The official results won't be out until March, which is when Warren Buffett's Berkshire Hathaway releases its annual report to shareholders, but it is possible to get an early gauge on how its investment portfolio performed during 2010. Each quarter, the company must file Form 13F with the Securities & Exchange Commission (SEC) that details its largest holdings. The last one was filed as of September 30, 2010, but given Warren Buffett is a buy-and-hold investor, most of the holdings were likely still held as of year-end. The portfolio's value at this time was just under $50 billion but likely rose sharply as the market rallied strongly to end out the calendar year. (We look at the Sage of Omaha's methodology for evaluating value stocks. To learn more, read Warren Buffett: How He Does It.)
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The largest positions as of the third quarter consisted of many Blue Chip firms and quite a few that are part of the Dow Jones Industrial Average (DJIA). Coca Cola (NYSE:KO) was the largest holding while Procter & Gamble (NYSE:PG), American Express (NYSE:AXP) and Wells Fargo (NYSE:WFC) also represented sizeable positions. Coca Cola posted impressive performance, rising more than 15% for the year to best the S&P500, which returned about 12% during the year, including dividends. American Express and P&G lagged the market with single digit returns, while Wells Fargo looks to have about matched the market for the year.
Other positions of note include DJIA components Wal-Mart (NYSE:WMT), Johnson &Johnson (NYSE:JNJ) and Kraft (NYSE:KFT). Kraft about matched the market with a double-digit return while Wal-Mart was about flat and J&J posted a slightly negative return for the full year. Rounding out the top 10 holdings, U.S. Bancorp (NYSE:USB) and Wesco Financial (NYSE:WSC) also closely tracked the market while ConocoPhillips (NYSE:COP) was a standout and rose close to 30% for the entire year. Another holding that showed up during the third quarter was Bank of New York Mellon (NYSE:BK). The bank had a strong end to the year and rose about 20% during the fourth quarter, though the market also had a strong run and rose by about the same amount.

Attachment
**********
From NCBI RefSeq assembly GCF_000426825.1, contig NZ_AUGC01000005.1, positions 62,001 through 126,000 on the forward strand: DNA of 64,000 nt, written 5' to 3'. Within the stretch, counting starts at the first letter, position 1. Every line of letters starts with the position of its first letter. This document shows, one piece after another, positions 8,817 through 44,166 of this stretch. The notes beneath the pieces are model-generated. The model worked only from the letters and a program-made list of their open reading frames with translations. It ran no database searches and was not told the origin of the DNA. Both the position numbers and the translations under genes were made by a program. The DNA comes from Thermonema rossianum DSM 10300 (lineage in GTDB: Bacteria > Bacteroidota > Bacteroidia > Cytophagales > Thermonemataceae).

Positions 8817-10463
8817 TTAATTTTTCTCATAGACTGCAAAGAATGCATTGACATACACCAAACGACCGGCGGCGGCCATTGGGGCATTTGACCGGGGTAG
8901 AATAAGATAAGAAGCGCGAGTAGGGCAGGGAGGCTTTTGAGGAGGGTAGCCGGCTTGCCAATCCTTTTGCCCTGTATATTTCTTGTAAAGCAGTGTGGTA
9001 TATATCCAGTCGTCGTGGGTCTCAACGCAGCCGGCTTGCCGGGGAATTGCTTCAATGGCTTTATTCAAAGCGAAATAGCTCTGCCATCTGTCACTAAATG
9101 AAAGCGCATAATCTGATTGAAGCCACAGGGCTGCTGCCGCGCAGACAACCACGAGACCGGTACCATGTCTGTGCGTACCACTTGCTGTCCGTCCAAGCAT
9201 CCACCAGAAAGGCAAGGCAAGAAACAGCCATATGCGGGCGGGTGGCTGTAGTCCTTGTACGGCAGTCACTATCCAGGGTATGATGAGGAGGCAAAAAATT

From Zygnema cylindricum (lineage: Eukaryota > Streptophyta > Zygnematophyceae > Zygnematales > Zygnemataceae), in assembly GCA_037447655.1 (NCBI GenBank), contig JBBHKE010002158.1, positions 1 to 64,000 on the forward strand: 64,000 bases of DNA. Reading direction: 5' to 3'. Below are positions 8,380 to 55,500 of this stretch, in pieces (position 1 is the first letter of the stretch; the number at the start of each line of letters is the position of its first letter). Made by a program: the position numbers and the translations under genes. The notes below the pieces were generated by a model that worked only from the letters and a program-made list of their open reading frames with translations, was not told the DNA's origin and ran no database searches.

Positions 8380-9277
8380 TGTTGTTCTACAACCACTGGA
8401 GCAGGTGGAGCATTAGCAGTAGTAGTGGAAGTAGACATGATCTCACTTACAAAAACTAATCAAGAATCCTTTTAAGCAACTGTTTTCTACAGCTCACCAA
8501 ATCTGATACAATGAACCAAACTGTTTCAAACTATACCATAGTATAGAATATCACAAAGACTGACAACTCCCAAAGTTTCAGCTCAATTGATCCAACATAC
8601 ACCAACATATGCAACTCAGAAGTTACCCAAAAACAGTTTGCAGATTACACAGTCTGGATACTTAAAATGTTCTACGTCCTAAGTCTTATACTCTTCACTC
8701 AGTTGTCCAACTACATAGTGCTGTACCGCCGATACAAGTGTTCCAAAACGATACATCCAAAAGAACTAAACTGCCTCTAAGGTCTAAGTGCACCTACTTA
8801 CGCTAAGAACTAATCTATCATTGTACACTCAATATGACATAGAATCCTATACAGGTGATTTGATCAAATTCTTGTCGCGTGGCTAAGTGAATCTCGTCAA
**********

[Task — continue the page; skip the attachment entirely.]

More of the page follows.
There could have been an above-average amount of changes during the fourth quarter because of the retirement of Lou Simpson at Geico Insurance, which Berkshire owns. The investments in the Geico portfolio are disclosed along with the overall Berkshire holdings and could have been modified.
Another unique item is that Berkshire had been selling off investments to fund the purchase of railroad firm Burlington Northern Santa Fe. This resulted in third quarter reductions of smaller holdings including Moody's (NYSE:MCO), Nike (NYSE:NKE), Fiserv (Nasdaq:FISV) and Ingersoll-Rand (NYSE:IR). A final item of note is that Berkshire is planning on acquiring the rest of Wesco Financial it does not own, which means the firm will cease to be part of the investment portfolio and will instead be folded into Berkshire's stable of operating companies. (They don't call him "The Oracle" for nothing. Learn how Buffett comes up with his winning picks. See Think Like Warren Buffett.)
A New Investment Manager
At the end of the third quarter, Berkshire announced it hired Todd Combs to help run part of its portfolio. It's unclear how much capital will be allocated to Mr. Combs in the coming years, but details have been found about the portfolio he was managing prior to going over to Berkshire. His focus was firmly on financial stocks and an overlapping position with Berkshire included U.S. Bancorp. Other holdings included MasterCard, State Street (a rival to Bank of New York Mellon) and Progressive (a rival to Geico), in addition to a number of insurance firms.
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The Bottom Line
As time has gone on, Berkshire's investment portfolio has given way to its growing base of operating companies that are mostly or entirely owned by Berkshire. The operating companies include Geico, many other insurance brands and businesses, regulated utilities including MidAmerican Energy Holdings, and a wide array of manufacturing, service and retailing operations.
As such, the overall performance of Berkshire tends to be driven by the operating companies in combination with its investment portfolio. The investment portfolio is still worth tracking and represents an easy way for investors to pick and choose among investments they would also like to hold. The 2010 performance figures due in March will lend insight into how Berkshire did overall, which it measures in terms of growth in book value. The investment portfolio results will also be known at that time, and by the looks of it the portfolio performed more or less in line with the overall stock market for all of 2010. (The Oracle of Omaha can move over - there's a new investor in town. Check out Why Warren Buffett Envies You.)
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